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Now is the time to plan your next trip to Paris while the Parisians are suffering through cold wet days under dreary gray skies. It’s a mess here. Come now if you must, but otherwise take a bit of time to prepare your next trip by reading up on those who have already explored the City of Light in years past and see what inspiration you can find.
Here are a few suggestions from Bryan’s Suggested Reading List:
Laugh at cultural differences: For those looking for a light-hearted cheeky story of an English-speaker in Paris, Stephen Clarke’s “A Year in the Merde” will do just the trick. A somewhat fictional story of an Englishman opening a tea house, the book offers an irreverent and some (more prudish) readers may say “offensive” look at Parisian life, including love, language, and the title’s namesake merde. Love it or hate it, it’ll prepare you for some of the more shocking cultural differences.
Nostalgic essays: If sincerity and nostalgia are more your thing, the authors of “Paris Was Ours” will take you to every corner of Paris, from bourgeois chic to refugee bohemia. Each author offers their personal take on the city during their stays, giving multiple viewpoints from essay to essay. While some authors may not resonate with you, you’re bound to take away some bit of information, some landmark, or some piece of history that could enlighten your trip.
Delicious tales: Those who read his blog will love David Lebovitz’s “The Sweet Life in Paris,” a chapter by chapter exploration of the cultural differences that marked his expatriation to France. From learning not to wear PJs even to take out the trash to working as a fish monger, David points out some of the city’s quirks that will help you understand why there are towels sitting in the street gutters…
Love story, with recipes: Elizabeth Bard’s “Lunch in Paris” is another food-centric tell-all about a young American’s instant love affair that leads her to wedding bells in the tenth arrondissement. Her wit and humor make the book a fun and easy read while discovering the quirks of shopping in a Parisian market or having a crush on your butcher. These things do happen.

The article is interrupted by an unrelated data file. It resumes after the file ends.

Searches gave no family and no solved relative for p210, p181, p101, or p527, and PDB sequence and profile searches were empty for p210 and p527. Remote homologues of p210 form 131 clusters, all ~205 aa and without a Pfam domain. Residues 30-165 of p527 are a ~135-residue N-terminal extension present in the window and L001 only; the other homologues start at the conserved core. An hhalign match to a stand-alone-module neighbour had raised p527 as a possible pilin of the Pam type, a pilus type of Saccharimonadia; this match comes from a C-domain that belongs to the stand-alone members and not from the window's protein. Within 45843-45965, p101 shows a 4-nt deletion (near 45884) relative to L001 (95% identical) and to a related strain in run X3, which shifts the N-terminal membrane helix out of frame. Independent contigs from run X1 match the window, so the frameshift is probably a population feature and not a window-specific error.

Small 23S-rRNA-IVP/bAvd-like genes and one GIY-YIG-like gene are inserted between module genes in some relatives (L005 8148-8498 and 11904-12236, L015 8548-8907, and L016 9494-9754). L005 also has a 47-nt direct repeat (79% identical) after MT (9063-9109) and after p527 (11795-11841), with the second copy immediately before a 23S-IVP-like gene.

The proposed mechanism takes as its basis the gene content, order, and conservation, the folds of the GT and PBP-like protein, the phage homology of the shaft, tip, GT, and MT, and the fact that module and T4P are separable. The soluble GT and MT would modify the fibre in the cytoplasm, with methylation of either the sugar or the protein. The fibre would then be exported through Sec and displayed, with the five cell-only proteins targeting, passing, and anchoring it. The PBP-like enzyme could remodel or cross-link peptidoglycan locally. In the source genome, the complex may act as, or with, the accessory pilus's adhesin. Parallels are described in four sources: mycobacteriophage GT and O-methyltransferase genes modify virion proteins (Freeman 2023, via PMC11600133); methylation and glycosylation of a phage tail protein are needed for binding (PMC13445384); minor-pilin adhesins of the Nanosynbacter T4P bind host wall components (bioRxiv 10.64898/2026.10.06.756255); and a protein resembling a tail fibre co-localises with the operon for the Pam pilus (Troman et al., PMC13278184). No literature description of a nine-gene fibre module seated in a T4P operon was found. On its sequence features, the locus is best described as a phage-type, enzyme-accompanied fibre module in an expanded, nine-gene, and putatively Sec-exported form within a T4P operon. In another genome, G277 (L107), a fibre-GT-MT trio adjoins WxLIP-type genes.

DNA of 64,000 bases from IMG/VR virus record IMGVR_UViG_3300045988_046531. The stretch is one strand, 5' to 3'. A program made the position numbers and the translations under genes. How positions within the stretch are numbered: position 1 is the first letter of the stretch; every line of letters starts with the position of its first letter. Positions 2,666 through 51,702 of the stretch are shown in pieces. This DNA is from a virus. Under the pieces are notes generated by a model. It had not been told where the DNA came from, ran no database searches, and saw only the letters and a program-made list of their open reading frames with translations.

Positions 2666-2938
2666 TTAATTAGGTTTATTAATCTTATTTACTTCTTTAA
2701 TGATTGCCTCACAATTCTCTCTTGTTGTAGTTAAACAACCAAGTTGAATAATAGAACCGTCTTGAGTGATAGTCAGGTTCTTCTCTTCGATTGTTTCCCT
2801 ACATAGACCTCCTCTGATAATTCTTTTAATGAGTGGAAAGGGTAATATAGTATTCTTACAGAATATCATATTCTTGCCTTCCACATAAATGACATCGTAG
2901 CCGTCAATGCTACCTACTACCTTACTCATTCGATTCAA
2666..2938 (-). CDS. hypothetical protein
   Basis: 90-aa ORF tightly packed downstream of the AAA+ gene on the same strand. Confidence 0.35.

American in Paris: Adam Gopnik’s “Paris to the Moon” is perhaps a favorite about being in Paris, a heartfelt and sincere look at life in this city for an American. His experiences with his child who grew up as a young boy playing in the Jardin du Luxembourg will strike a chord with parents, and his adaptations to French culture will be good preparation for anyone about to embark on a trip to Paris.
French 101: For history buffs or those afraid of not speaking French, “The Story of French” by Jean-Benoit Nadeau and Julie Barlow is an incredibly accessible introduction to those who don’t know a bonjour from an au revoir. Far from a French language lesson, the book follows the history of the French language and helps, or attempts, to explain why the French might get so offended when foreigners don’t speak their language, or even try. There is apparently some method to the madness, so read in tandem with some Rosetta Stone!
Your favorite Paris books?
Have a favorite title to add to our Paris-themed book list? Share with us in our comments section.